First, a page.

We had rented a nice apartment not too far from the beach and we would have had a very enjoyable time but for an unexpected inconvenience. Morning sickness; and did it hit Joan hard, it started just two days after the wedding, probably exacerbated by the bus trip but that’s just guessing on my part now; she was vomiting badly and going through all types of hell and I didn’t have a clue as to how to help her, she never complained once. As the morning wore on and the sickness wore off we did enjoy the relaxed atmosphere of Surfers, it really wasn’t much more than a large village back then.
The mornings were spent being sick the afternoons relaxing evenings dining and the nights sleeping and so the honeymoon came and went we didn’t mix with anybody we just wanted to be alone and enjoy our time together quietly, before hopping onto a Pioneer bus for the horrendous trip south which we were not looking forward to and back to reality which I was looking forward to. And if you want to know what was still top of the pops on the way south, just click on that link again and enjoy. :o
This might strike any sensible person as strange or even odd but never during the whole time of the engagement or wedding preperations did we ever give thought to or think about where we were to live once married. Unbelievable! But just as true as I’m sitting here reminiscing and writing about the past. It never crossed our minds until we were on our way back to Melbourne, and it was hilarious. It was almost as if we imagined on arriving back in Melbourne that I’d go home to Sunshine/Braybrook and Joan to Albert Park just as we did when we’d been a way for a weekend, but now we were married and it dawned on us that we had nowhere to live. Truly I am sitting here shaking my head still at the sheer naivety/stupidity of two supposedly intelligent young people. :roll:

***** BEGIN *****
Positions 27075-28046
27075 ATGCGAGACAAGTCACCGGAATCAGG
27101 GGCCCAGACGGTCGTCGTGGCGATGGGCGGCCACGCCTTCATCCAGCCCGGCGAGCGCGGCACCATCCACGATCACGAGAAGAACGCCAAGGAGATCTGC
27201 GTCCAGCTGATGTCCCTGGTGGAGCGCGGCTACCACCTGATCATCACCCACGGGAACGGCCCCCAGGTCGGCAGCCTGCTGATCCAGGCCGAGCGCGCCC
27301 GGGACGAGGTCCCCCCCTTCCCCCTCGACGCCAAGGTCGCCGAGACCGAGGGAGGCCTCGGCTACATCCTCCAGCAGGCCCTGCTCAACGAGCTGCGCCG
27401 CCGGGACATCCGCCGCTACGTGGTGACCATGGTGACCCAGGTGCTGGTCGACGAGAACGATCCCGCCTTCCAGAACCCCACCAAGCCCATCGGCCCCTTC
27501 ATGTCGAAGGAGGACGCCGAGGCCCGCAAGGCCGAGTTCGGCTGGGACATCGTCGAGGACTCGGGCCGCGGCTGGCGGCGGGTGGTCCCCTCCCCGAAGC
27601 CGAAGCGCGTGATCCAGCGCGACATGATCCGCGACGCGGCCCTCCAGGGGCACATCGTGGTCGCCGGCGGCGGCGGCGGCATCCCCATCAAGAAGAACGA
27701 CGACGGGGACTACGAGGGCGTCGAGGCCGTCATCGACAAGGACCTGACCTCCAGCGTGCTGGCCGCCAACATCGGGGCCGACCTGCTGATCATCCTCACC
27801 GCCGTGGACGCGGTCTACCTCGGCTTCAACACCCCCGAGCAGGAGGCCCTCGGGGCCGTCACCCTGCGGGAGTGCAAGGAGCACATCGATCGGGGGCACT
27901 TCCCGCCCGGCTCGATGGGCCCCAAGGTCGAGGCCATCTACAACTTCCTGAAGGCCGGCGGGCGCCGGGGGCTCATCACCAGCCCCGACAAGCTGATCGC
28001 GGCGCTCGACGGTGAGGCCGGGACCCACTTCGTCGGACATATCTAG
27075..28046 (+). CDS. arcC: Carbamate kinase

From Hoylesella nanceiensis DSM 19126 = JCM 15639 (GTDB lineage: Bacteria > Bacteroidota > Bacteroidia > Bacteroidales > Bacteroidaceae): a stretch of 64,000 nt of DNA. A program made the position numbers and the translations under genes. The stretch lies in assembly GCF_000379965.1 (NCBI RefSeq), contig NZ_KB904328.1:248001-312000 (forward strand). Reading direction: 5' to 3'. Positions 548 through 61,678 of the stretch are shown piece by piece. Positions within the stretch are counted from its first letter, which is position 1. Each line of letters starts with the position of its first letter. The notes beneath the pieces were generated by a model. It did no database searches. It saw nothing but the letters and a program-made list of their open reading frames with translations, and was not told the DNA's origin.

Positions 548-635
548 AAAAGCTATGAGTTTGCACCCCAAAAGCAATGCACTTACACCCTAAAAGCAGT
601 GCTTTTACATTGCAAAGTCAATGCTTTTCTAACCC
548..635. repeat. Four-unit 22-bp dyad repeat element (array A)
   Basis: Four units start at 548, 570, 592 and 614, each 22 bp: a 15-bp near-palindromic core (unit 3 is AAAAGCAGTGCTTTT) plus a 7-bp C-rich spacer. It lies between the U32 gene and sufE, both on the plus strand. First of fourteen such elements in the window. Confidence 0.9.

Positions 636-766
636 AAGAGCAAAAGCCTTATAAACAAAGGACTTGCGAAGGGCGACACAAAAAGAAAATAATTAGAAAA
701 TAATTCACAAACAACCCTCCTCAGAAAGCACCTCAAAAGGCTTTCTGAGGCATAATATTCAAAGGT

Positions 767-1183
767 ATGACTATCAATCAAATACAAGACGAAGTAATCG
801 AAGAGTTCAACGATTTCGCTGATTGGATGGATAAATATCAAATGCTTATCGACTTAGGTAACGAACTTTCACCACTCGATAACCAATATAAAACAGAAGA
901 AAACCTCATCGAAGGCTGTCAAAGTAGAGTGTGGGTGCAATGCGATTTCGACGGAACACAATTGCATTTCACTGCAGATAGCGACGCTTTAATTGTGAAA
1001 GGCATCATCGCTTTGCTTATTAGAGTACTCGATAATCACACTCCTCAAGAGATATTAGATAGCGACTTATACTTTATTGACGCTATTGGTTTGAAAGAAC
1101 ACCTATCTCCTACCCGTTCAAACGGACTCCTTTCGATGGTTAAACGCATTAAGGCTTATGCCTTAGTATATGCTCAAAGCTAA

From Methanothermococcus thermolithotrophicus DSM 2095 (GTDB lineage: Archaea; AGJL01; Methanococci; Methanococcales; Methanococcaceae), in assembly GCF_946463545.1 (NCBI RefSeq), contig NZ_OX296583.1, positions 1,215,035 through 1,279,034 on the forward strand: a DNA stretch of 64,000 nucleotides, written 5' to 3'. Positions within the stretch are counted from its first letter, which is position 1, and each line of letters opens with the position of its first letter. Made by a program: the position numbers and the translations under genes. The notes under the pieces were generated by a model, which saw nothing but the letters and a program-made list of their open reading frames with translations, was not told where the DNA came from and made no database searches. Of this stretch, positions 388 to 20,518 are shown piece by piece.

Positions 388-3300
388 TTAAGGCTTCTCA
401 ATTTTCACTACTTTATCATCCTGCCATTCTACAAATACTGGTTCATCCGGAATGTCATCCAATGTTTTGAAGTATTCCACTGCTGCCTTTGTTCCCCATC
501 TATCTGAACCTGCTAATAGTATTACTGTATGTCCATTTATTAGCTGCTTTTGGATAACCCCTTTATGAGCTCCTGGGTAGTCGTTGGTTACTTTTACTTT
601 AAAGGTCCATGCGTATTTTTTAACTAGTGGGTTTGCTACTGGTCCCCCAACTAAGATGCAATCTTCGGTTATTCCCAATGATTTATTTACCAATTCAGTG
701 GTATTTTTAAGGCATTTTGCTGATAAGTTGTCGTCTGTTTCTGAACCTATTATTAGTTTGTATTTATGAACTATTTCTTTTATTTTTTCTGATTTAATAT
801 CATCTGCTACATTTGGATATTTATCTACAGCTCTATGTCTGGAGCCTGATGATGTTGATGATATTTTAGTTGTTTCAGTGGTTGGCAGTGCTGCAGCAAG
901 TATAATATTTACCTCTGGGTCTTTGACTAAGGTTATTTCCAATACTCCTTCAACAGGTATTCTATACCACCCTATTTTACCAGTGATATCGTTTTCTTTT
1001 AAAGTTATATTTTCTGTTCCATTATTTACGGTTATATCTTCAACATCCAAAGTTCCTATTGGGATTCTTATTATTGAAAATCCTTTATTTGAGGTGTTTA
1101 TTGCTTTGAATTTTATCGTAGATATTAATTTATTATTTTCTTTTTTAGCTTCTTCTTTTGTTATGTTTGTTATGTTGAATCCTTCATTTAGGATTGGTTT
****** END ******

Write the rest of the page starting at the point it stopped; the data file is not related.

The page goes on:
Naturally we needed somewhere to stay on our return and our choices were not large until such time as we found a flat/apartment of our own, either Albert Park with Kay or Sunshine with my parents. The decision made, we opted to throw ourselves onto my parents doorstep. Bigger mistake!
The expectation and hope that my mother had accepted and learned to live with fact of ‘her baby’ having gone and got himself married was short lived and what with the evil woman who had stolen him from her clutches now in her home, peace could not and did not last long.
In some unwarrented rage my mother accosted us walking through the passage from the bedrooms to the living room and I can’t recall what was said but my mother struck Joan a vicious open handed smack to her right cheek which sent her reeling.
My immediate reaction? I swung hard and struck my mother a similar blow but I think much harder, she bounced off one wall and across to the other and screaming out to my father “Stan! Stan! ” all the while looking at me, holding her cheek where I’d belted her so hard; my father came ambling out to see what was happening and why my mother was calling him ( my father never seemed to be in a hurry about anything, had a great temperament) and my mother cried “he struck me!” looking at me I think with real fear, my dad looked at me and in his quiet voice said “why did you strike your mother son?”
I replied ” She struck my wife amd my wife’s pregnant!”; he looked at his wife and said quite quietly and gently ” Serves you right!” and went back to his chair and his newspaper. Perfect justice, done in an instant! In that instant my father rose in my esteem never again to be second in my filial duty.
Joan and I left immediately, the next day we got ourselves a small flat in Armidale